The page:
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Six banks–Citibank, HSBC, JPMorgan Chase, RBS, Bank of America, and UBS–will pay, as a group, $1.4 billion to the U.S. Commodity Futures Trading Commission and roughly $1.75 billion (£1.1 billion) to the U.K’s Financial Conduct Authority. UBS will additionally make a payment to Switzerland. The British regulator has never before levied such large fines and says that the investigation into possible wrongdoing at Barclays is ongoing. The U.S. Office of the Comptroller of the Currency stated that Citbank, Bank of America, and JPMorgan Chase will pay a total of $950 million in fines.

From 2008 and 2013, relaxed controls at the banks made it possible for traders to share confidential information and collude with those at other institutions in order to fix rates and increase profits. According to the regulators, traders utilized private chatrooms online to arrange their buying and selling to shift currency prices in their favor with the goal of turning a profit for their employer banks at the expense of their clients.

The traders went by the monikers of “the players,” “the 3 musketeers,” and “the A-team.” The group made agreements to take certain positions in order the manipulate what is known as the 4 p.m. fix, which is a one-minute snapshot of afternoon trading in London that is used as the basis of a vastly used benchmark.

The Financial Conduct Authority stated that the banks did not manage blatant risks and that traders were allowed to continue their misconduct. The banks and the employees who engaged in this scheme will possibly face criminal charges in both the United Kingdom and the United States for attempting to manipulate rates.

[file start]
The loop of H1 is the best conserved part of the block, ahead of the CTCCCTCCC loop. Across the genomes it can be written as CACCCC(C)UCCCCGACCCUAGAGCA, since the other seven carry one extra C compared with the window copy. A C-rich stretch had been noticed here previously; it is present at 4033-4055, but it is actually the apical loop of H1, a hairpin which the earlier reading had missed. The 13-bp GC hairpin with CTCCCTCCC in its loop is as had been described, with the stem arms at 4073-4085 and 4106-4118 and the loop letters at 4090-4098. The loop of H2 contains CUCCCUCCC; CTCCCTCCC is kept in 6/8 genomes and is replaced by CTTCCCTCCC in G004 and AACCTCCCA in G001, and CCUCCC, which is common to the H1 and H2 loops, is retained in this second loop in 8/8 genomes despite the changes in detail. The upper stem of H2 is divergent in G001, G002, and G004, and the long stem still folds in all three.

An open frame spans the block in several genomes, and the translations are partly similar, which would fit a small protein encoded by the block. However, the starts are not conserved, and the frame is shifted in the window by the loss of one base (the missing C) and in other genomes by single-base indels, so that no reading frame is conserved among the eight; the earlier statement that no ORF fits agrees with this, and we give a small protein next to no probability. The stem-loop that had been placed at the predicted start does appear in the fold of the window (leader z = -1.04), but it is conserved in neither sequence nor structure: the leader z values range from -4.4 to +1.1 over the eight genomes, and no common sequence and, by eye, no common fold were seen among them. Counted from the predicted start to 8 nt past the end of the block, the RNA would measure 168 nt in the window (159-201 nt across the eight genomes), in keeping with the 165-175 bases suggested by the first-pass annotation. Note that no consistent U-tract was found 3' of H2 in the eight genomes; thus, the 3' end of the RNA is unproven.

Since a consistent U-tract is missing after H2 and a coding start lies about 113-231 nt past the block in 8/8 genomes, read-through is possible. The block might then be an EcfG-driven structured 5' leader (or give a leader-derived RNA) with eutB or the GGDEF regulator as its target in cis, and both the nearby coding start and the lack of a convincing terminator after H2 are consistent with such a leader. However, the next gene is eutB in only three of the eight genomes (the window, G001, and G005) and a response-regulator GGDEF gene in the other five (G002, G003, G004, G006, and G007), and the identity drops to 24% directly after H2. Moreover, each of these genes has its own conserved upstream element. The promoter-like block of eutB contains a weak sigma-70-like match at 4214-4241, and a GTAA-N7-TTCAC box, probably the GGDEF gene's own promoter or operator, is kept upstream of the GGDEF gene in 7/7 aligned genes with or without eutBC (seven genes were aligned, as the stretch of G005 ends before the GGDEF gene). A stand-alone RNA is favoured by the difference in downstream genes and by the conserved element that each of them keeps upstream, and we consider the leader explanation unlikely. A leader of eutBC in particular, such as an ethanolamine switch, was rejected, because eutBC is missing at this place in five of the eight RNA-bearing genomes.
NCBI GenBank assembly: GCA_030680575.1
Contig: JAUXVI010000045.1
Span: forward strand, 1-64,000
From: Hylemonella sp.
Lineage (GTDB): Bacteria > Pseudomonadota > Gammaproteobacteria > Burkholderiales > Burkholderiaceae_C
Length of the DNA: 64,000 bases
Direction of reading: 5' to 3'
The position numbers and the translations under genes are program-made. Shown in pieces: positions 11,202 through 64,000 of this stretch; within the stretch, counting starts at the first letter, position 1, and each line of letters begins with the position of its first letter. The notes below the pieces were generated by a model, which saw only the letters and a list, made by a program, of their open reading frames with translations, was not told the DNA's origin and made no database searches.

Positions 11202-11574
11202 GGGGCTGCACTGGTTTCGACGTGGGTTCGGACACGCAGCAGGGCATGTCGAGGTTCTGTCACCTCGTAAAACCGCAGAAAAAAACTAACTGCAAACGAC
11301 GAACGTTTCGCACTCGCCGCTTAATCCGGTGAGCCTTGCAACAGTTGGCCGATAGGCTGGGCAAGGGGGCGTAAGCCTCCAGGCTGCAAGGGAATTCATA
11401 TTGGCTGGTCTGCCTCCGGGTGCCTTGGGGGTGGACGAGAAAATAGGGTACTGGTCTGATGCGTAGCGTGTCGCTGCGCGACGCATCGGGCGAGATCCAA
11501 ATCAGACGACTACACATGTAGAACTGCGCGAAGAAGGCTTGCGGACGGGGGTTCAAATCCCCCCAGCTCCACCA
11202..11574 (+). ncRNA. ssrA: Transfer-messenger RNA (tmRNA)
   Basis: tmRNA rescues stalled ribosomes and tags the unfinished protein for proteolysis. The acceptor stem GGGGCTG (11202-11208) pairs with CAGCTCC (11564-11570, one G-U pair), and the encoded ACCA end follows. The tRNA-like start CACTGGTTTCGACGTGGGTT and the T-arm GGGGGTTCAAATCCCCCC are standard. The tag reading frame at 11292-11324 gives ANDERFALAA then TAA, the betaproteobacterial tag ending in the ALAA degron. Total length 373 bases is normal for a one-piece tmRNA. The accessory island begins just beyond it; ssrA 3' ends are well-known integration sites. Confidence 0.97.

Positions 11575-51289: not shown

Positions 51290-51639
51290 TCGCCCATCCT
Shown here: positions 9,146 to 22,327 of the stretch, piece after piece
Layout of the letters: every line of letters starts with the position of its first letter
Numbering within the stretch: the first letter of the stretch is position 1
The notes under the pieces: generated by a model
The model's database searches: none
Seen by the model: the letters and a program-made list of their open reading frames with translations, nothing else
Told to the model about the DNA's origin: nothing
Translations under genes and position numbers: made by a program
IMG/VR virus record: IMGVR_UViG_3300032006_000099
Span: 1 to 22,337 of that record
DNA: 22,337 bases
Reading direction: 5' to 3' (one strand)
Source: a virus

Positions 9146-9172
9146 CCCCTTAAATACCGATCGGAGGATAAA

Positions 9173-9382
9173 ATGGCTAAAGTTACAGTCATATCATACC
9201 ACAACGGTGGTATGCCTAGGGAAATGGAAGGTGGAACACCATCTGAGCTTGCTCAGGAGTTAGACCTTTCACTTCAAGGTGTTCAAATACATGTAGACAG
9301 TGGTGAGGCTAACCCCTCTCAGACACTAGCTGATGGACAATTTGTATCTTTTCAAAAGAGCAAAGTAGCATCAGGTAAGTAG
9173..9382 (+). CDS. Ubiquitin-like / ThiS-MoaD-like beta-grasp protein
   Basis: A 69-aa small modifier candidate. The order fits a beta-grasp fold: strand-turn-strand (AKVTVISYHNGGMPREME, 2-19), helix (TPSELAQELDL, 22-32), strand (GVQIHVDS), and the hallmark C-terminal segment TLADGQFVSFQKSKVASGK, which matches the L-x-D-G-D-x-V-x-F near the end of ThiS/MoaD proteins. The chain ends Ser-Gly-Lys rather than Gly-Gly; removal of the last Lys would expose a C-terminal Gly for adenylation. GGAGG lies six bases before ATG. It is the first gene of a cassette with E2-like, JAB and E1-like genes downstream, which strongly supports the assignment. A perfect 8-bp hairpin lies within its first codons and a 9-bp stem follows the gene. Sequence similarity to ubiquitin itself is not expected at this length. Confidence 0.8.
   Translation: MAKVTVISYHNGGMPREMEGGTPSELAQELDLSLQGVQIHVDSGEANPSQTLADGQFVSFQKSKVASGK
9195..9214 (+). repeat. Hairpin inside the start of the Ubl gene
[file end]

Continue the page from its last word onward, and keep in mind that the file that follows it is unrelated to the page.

Reportedly, all of the banks have cooperated in the investigations and a few have even taken preventive measures to ensure this does not happen again.

The banks’ fines will be distributed as such: JPMorgan Chase and Citibank will each pay $1 billion, UBS will pay $800 million, RBS will pay $634 million, HSBC will pay $618 million, and Bank of America will pay $250 million.

If you or someone you know has lost money as a result of an investment or Ponzi scheme, please contact Richard Frankowski at 888-390-0036 to discuss your potential legal remedies or visit frankowskifirm.com.

Earlier this week, a federal judge in Sacramento, California sentenced James Berghuis for operating a Ponzi scheme that bilked friends, family, and others out of over $2.7 million. Berghuis was found guilty of four counts of mail fraud, four counts of wire fraud, and one count of money laundering in connection with the operation.

According to U.S. Attorney Benjamin Wagner, Berghuis persuaded investors to take out home-equity loans to make investments from 2005 to 2008, claiming that he would use the funds to invest in real estate. He also offered several victims a deed of trust on his commercial property, promising each that they would be in second position on the title. However, Berghuis never used the money for his stated purposes and instead used funds from new investors to pay back earlier investors, the classic element of a Ponzi scheme, as well as to purchase luxury items for himself.

Berghuis would make a series of excuses to investors as to why he could not pay them back on the promised dates. Some victims lost their homes or continue to pay on mortgages they took out to make their investments with Berghuis.

On one occasion, Berghuis used a check acquired from an investor to purchase a $200,000 Mercedes Benz later on that same day.

The case resulted from an investigation by the Federal Bureau of Investigation and the Internal Revenue Service-Criminal Investigation.

If you or someone you know has lost money as a result of an investment or Ponzi scheme, please contact Richard Frankowski at 888-390-0036 to discuss your potential legal remedies or visit frankowskifirm.com.